Whether a separate tort action for a physician's breach of a duty of confidentiality exists under the common law is a novel issue in this state. Dr. England contends South Carolina courts have previously ruled that no duty of confidentiality exists between a physician and patient; therefore, there can be no action for its breach. He cites Aakjer v. Spagnoli, 291 S.C. 165, 173, 352 S.E.2d 503, 508 (Ct.App. 1987), wherein this Court stated, "There is no physician-patient privilege in South Carolina."
"At common law neither the patient nor the physician has the privilege to refuse to disclose in court a communication of one to the other, nor does either have a privilege that the communication not be disclosed to a third person." 61 Am.Jur. 2d Physicians, Surgeons, and Other Healers § 169 (1981) (emphasis added). Although many states have statutorily created a "physician-patient testimonial privilege," South Carolina has not enacted a similar statute and does not recognize the physician-patient privilege. Peagler v. Atlantic Coast line R.R. Co., 232 S.C. 274, 101 S.E.2d 821 (1958) (statutes have been enacted in most states making communications between a physician and patient privileged from compulsory disclosure, but there is no such statute in South Carolina). However, the absence of a testimonial privilege prohibiting certain in-court disclosures is not determinative of our issue because this evidentiary privilege is distinguishable from a duty of confidentiality. As our Supreme Court recently observed in South Carolina State Board of Medical Examiners v. Hedgepath, 325 S.C. 166, 480 S.E.2d 724 (1997): "The terms `privilege' and `confidences' are not synonymous, and a professional's duty to maintain his client's confidences is independent of the issue whether he can be legally compelled to reveal some or all of those confidences, that is, whether those communications are privileged." Id. at 169, 480 S.E.2d at 726.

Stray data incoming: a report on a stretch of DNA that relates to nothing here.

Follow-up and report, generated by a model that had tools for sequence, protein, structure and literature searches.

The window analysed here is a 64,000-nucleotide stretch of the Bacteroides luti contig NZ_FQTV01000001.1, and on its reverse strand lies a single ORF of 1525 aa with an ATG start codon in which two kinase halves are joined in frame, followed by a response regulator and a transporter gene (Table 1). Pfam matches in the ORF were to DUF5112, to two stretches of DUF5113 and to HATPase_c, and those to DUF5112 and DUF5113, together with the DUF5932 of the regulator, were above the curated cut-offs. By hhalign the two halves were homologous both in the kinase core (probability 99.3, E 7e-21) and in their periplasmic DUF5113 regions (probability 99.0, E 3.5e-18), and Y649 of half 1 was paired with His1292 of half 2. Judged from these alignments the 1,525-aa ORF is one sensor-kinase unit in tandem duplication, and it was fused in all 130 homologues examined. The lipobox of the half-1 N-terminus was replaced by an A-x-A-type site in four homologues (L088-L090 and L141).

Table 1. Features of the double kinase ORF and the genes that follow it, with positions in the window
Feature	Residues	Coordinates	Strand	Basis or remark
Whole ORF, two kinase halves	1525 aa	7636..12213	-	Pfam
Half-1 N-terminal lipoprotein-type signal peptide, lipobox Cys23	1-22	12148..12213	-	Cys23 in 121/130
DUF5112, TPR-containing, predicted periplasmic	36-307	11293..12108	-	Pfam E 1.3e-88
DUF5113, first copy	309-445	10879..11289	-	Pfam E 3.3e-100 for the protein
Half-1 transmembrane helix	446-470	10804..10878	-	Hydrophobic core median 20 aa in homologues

Hedgepath was a disciplinary proceeding against a physician rather than a private action seeking damages for breach of confidence; however, it involves facts strikingly similar to the case on appeal. In Hedgepath, a physician, who initially acted as the family therapist for a married couple and then as an individual therapist for the wife, prepared an affidavit for use at a family court hearing. The physician provided the affidavit to the husband's attorney without consulting or obtaining permission from the wife. The affidavit was not compelled by subpoena of other legal process. The State Board of Medical Examiners disciplined the physician for misconduct for breaching a duty of confidentiality imposed by the regulations governing the medical profession. See 26 S.C. Code Ann. Regs. 81-60 (D) (Supp. 1996) ("A physician shall respect the rights of patients . . . and shall safeguard patient confidence within the constraints of the law."). The Board is authorized to discipline a physician for misconduct pursuant to S.C. Code Ann. § 40-47-200 (Supp. 1996).
The circuit court reversed, finding a South Carolina physician has no ethical duty to maintain a patient's confidences. The court reasoned that since no law prohibited the physician from making the affidavit, the regulation had not been violated.
The Supreme Court reversed and reinstated the Board's decision. The court held that a physician commits misconduct when he reveals a patient's confidences where the revelation is neither compelled by law (i.e. by subpoena or statute) nor consented to by the patient. The Supreme Court found the circuit judge erred in finding no duty of confidentiality exists in South Carolina merely because the state does not recognize the physician-patient evidentiary privilege. The court concluded the physician violated Reg. 81-60 (D) when he voluntarily provided an affidavit which revealed confidences entrusted to him by the wife. The Supreme Court explained that "Reg. 81-60 (D) enjoins a physician to maintain his patients' confidences within the constraints (or limitations) of the law." Id. at 169, 480 S.E.2d at 726. Although the Supreme Court recognized that physicians owe their patients a duty of confidentiality within the limits of the law, it did not address whether a breach of the duty is actionable as a separate tort.